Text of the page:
Back in the days of the apostle James, for some members of the church, the “in” style was apparently clothes showing wealth and the in colors were apparently gold, scarlet and purple:
“My brothers and sisters, believers in our glorious Lord Jesus Christ must not show favoritism. Suppose a man comes into your meeting wearing a gold ring and fine clothes, and a poor man in filthy old clothes also comes in. If you show special attention to the man wearing fine clothes and say, “Here’s a good seat for you,” but say to the poor man, “You stand there” or “Sit on the floor by my feet,” have you not discriminated among yourselves and become judges with evil thoughts?” (James 2:1-4).
The colors getting people’s attention here were not just gold and silver. In that day and age the most noticeable difference between a rich person’s clothing and a poor person’s was usually color. Only the rich could afford clothing made of finer materials like colored silk or linen died with expensive purple or scarlet dyes (Proverbs 31:21, Mark 15:17, etc.). So this wasn’t just about paying attention to those wearing gold rings. James puts equal stress on those focusing on the doubtless brightly colored clothing of the rich man (vs. 3), and he uses some pretty strong language about them – he says if they are guilty of gravitating to such a person at the expense of others, they are guilty of discrimination (vs. 4).
The problem wasn’t really about the gold ring or the brightly colored robe of the rich man, of course – the root of the problem was that some of James’ readers were seeing those who wore gold rings and scarlet and purple clothes as somehow better than others. Think about it. The people of the Church did not want to associate with the rich in the hopes of getting some of their money, but there were certain things about the rich man – we might think of them as distinguishing “colors” – that meant people gravitated to him. The wealthy man was simply the man to know, the man to be friends with, the man who was wearing the “in” colors.
So we must ask ourselves what “color” is in today, in our age, in our church. It may well not be the “color” of money. It could just as well be the “color” of “appearance,” “popularity,” “tech savvy,” or even “dedicated church attendance” or “missionary zeal,” depending on who is looking and how they see things. The fact is, just like the poor man James mentioned, every church congregation has those who are not wearing the “in” color. Sometimes they are the old, sometimes those in ill health, sometimes they are just those with poor social skills. But if we see others – any others – as more attractive, fun, or “in” to be around, we have missed the point of James’ warning.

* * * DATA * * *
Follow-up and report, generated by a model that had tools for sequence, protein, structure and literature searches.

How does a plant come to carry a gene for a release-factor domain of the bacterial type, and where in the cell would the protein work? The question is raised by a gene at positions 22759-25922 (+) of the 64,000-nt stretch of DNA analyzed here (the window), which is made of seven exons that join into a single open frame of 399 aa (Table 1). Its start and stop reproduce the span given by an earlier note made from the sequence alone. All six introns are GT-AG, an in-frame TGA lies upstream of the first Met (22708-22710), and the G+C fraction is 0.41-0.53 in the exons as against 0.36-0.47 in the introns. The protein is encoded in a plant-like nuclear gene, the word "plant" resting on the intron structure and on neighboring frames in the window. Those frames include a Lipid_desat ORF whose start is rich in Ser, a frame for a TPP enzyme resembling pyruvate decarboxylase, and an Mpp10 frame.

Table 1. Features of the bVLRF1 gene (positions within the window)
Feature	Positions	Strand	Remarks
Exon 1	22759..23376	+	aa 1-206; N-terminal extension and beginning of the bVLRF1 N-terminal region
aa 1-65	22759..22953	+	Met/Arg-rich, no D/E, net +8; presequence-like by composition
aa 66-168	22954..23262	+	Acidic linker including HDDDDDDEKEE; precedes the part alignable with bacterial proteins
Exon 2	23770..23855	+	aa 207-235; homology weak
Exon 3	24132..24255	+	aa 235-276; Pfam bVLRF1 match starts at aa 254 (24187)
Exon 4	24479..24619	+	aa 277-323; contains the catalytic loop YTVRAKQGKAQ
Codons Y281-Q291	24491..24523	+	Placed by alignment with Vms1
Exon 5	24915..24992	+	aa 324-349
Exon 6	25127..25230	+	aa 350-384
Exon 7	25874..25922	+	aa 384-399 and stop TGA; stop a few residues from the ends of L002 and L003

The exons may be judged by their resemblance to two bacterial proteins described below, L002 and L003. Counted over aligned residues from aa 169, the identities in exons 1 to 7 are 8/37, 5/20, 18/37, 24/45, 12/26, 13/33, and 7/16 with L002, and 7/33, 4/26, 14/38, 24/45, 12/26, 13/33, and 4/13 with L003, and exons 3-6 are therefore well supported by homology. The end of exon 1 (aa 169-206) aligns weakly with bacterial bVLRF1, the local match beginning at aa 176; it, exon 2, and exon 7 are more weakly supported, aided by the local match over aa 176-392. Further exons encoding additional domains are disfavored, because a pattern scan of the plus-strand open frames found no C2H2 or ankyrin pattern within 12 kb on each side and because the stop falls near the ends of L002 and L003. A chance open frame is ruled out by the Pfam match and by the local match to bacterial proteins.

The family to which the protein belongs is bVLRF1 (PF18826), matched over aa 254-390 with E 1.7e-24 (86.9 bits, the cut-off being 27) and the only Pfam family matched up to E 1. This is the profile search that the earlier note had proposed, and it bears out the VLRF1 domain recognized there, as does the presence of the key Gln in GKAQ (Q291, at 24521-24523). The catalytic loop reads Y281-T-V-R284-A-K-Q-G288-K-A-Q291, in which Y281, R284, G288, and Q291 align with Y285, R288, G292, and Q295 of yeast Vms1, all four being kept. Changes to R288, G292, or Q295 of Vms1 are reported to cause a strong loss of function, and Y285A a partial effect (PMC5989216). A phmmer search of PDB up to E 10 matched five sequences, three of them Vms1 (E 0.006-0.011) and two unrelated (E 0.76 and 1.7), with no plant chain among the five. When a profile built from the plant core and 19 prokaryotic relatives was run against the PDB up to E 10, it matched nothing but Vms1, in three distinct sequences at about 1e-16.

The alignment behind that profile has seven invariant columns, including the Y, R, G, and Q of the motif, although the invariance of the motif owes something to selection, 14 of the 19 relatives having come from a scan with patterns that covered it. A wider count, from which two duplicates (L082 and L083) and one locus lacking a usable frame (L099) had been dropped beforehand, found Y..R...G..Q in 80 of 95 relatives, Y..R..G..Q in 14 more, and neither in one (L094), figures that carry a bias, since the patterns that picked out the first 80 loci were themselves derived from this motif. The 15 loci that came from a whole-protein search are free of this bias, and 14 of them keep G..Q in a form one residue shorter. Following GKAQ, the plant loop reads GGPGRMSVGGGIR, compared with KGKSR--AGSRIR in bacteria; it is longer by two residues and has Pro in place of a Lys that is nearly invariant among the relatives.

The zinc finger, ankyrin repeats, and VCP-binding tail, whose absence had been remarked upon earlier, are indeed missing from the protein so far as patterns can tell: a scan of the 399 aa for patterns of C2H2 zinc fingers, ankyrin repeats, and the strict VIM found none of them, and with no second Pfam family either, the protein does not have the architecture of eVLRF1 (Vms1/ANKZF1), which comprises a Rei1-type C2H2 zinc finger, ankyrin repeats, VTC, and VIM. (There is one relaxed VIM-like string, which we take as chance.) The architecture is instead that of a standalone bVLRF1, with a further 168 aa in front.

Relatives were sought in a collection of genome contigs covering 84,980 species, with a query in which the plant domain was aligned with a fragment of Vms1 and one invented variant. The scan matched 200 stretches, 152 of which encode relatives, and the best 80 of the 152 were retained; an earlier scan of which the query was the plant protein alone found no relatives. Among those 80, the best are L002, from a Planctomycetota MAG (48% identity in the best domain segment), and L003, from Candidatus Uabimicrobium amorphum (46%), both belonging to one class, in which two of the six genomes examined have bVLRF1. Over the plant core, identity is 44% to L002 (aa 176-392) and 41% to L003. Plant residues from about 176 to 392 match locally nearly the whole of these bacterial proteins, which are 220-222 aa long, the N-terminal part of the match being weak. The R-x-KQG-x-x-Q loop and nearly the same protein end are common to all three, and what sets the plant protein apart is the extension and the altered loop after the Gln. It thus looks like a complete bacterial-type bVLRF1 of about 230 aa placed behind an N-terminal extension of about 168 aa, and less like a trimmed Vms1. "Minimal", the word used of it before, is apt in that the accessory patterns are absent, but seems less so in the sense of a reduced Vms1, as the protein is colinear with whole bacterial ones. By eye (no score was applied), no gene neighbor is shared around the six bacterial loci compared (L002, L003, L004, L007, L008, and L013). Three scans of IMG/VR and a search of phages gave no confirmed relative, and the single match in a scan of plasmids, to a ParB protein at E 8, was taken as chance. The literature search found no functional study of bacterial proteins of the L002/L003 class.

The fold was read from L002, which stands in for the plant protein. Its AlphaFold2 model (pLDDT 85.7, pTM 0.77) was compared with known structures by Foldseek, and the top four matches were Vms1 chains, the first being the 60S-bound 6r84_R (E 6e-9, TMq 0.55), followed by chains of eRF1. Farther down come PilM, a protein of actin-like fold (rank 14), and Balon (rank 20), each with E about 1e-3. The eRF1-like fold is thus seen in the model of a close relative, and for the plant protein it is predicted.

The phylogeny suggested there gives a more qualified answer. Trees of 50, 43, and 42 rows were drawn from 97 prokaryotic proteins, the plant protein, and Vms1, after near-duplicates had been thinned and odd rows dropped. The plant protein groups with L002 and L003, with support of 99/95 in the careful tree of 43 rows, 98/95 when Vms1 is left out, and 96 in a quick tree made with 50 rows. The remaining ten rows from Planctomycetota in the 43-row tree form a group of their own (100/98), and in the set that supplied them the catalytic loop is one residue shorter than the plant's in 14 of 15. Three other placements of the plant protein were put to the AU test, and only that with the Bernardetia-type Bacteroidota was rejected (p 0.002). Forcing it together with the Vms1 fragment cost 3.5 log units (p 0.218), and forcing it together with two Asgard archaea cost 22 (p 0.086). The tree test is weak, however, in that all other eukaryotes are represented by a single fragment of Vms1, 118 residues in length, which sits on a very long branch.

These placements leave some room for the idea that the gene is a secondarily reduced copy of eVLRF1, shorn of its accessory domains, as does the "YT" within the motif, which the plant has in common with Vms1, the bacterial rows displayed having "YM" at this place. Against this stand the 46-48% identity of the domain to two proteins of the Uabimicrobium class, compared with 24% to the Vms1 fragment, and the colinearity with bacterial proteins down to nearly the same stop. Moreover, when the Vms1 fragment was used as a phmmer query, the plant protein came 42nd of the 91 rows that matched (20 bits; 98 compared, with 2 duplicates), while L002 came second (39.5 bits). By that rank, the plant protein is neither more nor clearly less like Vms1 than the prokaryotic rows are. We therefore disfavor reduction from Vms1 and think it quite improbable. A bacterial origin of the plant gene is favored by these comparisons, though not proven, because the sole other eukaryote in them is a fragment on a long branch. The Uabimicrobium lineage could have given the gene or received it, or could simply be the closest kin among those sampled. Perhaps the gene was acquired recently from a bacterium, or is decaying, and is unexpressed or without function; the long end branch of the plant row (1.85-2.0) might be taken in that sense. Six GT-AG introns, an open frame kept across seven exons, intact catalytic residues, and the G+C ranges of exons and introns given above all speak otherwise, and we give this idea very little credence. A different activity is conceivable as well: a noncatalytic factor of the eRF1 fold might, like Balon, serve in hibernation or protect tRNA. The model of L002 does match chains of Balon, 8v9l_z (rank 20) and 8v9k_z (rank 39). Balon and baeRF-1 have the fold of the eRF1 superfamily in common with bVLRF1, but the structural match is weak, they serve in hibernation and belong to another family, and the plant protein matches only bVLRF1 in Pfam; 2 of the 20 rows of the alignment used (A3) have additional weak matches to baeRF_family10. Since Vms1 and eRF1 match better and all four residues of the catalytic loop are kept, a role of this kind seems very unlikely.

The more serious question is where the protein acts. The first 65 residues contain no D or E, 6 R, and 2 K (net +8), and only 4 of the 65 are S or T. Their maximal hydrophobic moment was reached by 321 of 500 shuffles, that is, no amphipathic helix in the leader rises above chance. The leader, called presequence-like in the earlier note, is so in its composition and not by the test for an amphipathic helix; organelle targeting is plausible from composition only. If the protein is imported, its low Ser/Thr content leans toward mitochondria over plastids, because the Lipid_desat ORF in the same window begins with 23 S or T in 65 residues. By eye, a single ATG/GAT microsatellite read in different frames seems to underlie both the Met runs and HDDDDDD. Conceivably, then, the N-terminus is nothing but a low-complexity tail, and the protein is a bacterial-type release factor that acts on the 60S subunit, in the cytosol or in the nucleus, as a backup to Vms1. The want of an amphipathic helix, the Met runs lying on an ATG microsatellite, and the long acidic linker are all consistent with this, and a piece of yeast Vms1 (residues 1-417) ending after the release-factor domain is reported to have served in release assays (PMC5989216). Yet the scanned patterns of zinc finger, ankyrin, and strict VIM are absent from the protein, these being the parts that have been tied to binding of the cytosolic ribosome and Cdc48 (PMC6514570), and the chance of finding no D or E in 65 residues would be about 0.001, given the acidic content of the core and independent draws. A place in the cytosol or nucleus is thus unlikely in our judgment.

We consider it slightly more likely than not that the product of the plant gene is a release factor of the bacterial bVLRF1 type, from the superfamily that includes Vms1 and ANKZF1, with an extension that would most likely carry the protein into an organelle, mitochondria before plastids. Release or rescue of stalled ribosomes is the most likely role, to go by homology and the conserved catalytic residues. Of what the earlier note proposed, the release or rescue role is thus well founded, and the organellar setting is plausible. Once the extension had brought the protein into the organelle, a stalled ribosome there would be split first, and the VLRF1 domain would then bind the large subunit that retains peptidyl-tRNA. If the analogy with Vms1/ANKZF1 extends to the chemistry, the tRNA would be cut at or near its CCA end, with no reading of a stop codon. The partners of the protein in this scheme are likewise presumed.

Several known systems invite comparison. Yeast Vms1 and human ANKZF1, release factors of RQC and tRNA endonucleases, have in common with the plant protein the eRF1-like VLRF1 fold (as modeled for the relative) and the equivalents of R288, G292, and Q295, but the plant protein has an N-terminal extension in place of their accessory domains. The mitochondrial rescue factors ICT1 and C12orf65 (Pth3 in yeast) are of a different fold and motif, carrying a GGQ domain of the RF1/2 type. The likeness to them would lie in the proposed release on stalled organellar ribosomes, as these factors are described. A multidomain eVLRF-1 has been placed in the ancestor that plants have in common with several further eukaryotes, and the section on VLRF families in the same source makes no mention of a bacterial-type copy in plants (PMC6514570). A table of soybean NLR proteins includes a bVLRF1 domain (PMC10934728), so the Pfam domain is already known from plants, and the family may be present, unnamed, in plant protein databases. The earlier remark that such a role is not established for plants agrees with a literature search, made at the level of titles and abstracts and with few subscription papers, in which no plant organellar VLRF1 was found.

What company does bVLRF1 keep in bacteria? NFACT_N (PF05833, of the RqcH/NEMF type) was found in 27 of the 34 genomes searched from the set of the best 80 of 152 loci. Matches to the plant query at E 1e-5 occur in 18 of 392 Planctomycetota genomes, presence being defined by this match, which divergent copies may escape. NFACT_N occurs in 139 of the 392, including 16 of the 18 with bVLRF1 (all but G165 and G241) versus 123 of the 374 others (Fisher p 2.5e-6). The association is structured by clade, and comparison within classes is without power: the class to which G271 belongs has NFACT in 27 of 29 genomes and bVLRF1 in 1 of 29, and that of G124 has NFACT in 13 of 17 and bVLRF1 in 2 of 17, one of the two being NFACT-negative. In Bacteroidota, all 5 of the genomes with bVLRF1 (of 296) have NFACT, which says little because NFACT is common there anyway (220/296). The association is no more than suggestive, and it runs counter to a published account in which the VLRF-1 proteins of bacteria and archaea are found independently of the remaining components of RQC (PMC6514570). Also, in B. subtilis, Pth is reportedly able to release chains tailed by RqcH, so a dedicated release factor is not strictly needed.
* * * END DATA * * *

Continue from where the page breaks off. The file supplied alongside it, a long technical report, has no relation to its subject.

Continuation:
It’s really a matter of perspective. Our physical eyes may see and sense the things that make people “in,” but we need to always look beyond what the eyes see. That, of course, was the point of God’s words to Samuel regarding the physically impressive Saul: “The LORD does not look at the things people look at. People look at the outward appearance, but the LORD looks at the heart” (1 Samuel 16:7). And notice an important detail of what James said that we so often read over without noticing it much – James begins his admonition to not be swayed by what is attractive by making an important point: “My brothers and sisters,” he says, “believers in our glorious Lord Jesus Christ must not show favoritism” (vs. 2).
Before talking about the rich man and his physical glory, James makes a comparison with the much more “glorious” nature of Christ. James prefaced his statement with that thought because he wanted us to remember that, if we have the right perspective, we will see that even those totally devoid of anything that could make them “in” physically still carry the image of God, which is far more glorious in every way than the "in colors" of human society.
It’s a point that may not apply to us personally, but if we ever find ourselves gravitating mainly to those who exhibit whatever “color” is “in,” spending time primarily with those who are the “in crowd” within our group, it does apply.